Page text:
The Monitor's midrange neutrality and rendering of detail, ambience, and holographic imaging made me mine my collection for vocal recordings. Despite its flagrant commerciality, I never tire of Norah Jones singing "Don't Know Why," from her Come Away With Me (CD, Blue Note 5 32088 2), and through the Silver RX6s her perfectly silky, low-level vocal articulations were bathed in a rounded golden glow. And as one of my "Records To Die For" for 2012, Lady Gaga's Born This Way (CD, Streamline/Interscope B0015373 0 2) has grown on me as I've continued to delve into the intricacies of her arrangements. My favorite tune is still the power ballad "YoÅ and I"the RX6 brought out all the subtle intricacies of her bluesy inflections, most of which will be missed by kids who listen only to MP3s of this well-engineered album.
Lower in frequency, the Monitor was equally revealing and complimentary to well-recorded male voices, from the chiming Bryan Ferry in "More Than This," from Roxy Music's Avalon (CD, Virgin 8 47460 2), to Mighty Sam McClain's guttural growl in "Got to Have Your Love," from his Give It Up to Love (CD, JVC JVCXR-0012). I was also really taken by Mark Cohn's Listening Booth: 1970 (CD, Sagura Road 25594-D), a collection of accessible but unusual covers of songs from that year that you may have lovedor hated. I spent most of that year listening to the Doors, Santana, and Iron Butterfly, and so at the time was no fan of most of the tunes on this CD. I despise no pop artist more than I despise Cat Stevens, and was shocked to find that my favorite track on Cohn's album is "Wild World." Cohn dispenses with Stevens's insipid, cheesy arrangement to create a straightforward voice-and-guitardominated performance that I found involving and enjoyable through the Monitor RX6s.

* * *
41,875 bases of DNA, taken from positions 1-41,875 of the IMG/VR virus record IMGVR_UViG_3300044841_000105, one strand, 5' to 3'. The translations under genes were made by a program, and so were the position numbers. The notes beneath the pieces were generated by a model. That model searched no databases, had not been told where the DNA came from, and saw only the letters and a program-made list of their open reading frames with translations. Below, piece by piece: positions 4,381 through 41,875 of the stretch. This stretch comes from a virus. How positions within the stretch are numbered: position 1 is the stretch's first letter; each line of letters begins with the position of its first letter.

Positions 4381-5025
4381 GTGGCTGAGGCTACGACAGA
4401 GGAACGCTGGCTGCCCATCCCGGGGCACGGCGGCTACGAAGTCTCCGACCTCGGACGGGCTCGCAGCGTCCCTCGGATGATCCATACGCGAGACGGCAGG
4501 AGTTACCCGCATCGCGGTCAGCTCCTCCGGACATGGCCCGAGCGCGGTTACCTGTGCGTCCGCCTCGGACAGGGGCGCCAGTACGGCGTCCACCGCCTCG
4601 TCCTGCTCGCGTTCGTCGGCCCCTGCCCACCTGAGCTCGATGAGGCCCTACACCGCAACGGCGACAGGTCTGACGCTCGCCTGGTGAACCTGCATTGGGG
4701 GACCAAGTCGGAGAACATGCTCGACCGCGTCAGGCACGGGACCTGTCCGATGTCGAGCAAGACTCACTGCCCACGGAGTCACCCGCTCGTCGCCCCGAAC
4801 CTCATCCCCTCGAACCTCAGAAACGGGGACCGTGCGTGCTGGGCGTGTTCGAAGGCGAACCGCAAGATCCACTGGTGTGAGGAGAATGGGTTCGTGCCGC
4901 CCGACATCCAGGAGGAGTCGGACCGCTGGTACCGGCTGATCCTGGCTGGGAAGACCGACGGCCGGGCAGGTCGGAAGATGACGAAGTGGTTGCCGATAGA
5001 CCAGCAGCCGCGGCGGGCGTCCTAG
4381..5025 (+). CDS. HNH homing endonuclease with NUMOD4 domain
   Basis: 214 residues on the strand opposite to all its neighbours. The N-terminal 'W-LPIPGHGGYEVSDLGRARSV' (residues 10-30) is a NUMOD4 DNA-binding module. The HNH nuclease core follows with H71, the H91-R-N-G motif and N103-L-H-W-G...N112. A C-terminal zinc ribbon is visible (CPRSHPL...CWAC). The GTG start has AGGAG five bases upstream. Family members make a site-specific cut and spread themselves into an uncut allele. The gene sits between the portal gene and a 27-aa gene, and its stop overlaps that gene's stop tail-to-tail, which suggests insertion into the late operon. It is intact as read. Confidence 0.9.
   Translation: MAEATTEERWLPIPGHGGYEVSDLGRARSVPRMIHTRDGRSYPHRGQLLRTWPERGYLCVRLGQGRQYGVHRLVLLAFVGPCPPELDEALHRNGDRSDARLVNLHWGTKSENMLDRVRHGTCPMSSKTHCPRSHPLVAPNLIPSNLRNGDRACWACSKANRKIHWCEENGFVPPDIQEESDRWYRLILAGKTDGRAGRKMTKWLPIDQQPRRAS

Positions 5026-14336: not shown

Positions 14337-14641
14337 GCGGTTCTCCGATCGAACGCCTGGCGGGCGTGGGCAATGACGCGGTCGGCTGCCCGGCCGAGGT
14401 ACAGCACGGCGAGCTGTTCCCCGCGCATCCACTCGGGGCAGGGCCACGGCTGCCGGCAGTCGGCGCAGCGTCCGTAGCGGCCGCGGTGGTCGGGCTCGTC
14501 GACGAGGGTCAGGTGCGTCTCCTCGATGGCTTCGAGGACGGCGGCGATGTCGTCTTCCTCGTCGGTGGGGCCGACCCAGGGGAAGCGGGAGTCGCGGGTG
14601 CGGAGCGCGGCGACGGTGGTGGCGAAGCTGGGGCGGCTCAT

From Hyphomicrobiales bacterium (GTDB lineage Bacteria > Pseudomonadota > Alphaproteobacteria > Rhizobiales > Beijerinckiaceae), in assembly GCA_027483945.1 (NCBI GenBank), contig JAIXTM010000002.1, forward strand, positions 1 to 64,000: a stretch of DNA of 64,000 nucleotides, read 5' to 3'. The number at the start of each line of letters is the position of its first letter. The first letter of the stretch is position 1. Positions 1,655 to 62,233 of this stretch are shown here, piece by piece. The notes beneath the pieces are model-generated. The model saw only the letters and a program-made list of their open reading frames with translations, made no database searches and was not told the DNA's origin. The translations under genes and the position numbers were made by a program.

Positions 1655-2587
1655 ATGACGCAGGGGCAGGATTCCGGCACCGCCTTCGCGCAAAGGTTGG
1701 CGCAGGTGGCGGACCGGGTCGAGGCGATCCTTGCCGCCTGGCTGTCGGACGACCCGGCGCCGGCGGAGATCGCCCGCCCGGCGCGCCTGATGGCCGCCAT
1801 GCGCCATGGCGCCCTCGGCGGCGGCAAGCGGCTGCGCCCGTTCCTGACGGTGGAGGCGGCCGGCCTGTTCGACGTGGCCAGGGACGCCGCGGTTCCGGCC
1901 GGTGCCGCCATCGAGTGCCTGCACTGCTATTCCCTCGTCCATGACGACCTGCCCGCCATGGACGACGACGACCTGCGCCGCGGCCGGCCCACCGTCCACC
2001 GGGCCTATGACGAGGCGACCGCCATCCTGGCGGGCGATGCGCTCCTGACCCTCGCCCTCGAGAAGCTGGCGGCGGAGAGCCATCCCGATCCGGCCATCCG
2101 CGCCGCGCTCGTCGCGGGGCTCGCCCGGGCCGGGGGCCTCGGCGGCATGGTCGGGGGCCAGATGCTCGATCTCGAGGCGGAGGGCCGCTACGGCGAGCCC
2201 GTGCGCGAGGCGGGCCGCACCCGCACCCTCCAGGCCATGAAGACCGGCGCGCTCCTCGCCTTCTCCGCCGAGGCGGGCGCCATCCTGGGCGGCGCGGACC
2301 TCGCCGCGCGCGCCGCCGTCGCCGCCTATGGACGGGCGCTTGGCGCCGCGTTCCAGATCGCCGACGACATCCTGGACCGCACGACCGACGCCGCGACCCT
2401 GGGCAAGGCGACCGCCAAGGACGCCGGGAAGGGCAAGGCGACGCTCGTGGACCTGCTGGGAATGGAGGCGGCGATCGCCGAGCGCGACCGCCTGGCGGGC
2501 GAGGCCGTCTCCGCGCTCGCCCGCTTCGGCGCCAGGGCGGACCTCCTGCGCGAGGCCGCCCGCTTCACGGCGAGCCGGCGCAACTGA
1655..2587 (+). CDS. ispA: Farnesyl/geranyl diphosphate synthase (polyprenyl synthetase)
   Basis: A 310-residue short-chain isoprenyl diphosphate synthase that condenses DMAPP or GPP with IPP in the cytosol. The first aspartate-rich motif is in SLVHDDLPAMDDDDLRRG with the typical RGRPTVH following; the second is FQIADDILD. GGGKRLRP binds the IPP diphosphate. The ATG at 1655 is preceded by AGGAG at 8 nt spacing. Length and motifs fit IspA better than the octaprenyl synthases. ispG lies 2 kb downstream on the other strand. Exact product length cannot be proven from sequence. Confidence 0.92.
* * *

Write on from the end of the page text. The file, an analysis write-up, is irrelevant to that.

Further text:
The ability of the Silver RX6s to develop a sense of space made them an excellent match for ECM piano recordings. Keith Jarrett's concert grand on La Scala (CD, ECM 1640) was warm and delicate, with a very real sense of the size of the recording venue. This effect carried over to well-recorded orchestral works as well. Reinbert De Leeuw and the Schönberg Ensemble's performance of Louis Andriessen's De Tijd (CD, Elektra Nonesuch 79291-2) includes sudden, jarring instrumental clashes that break the tranquility of a tense, dark pianissimo orchestral continuo. Through the Silver RX6s there was a real sense of instruments popping out of nowhere to rest on a bed of air in a deep, wide concert hall. However, pianist Josef Christof's recording of John Cage's One, from Late Piano Works (CD, ITM 9500037), also contains a lot of space, silence, and decay; other affordable speakers have reproduced a somewhat greater sense of room ambience with this recording.
The Monitor's extended, pristine high frequencies were showcased by another De Leeuw/Schönberg recording, of György Ligeti's Cello Concerto, with cellist Siegfried Palm (CD, Teldec 8573-87631-2). In this work Ligeti spends a good bit of time exploring the extreme upper registers of the cello and violins, and every subtle nuance of the harmonics of the instruments' upper strings was reproduced through the Silver RX6 with no sense of excess bite or lack of balance. The Monitor's high-frequency reproduction enabled perfect integration of the fundamentals and harmonics of the trumpet; Wynton Marsalis's instrument on his Levee Low Moan (CD, Columbia CK 47075) was startlingly realistic: The Monitor's integration of the horn's dynamic envelope, timbre, and harmonics inspired me to scribble in my notes: "That's a trumpet!"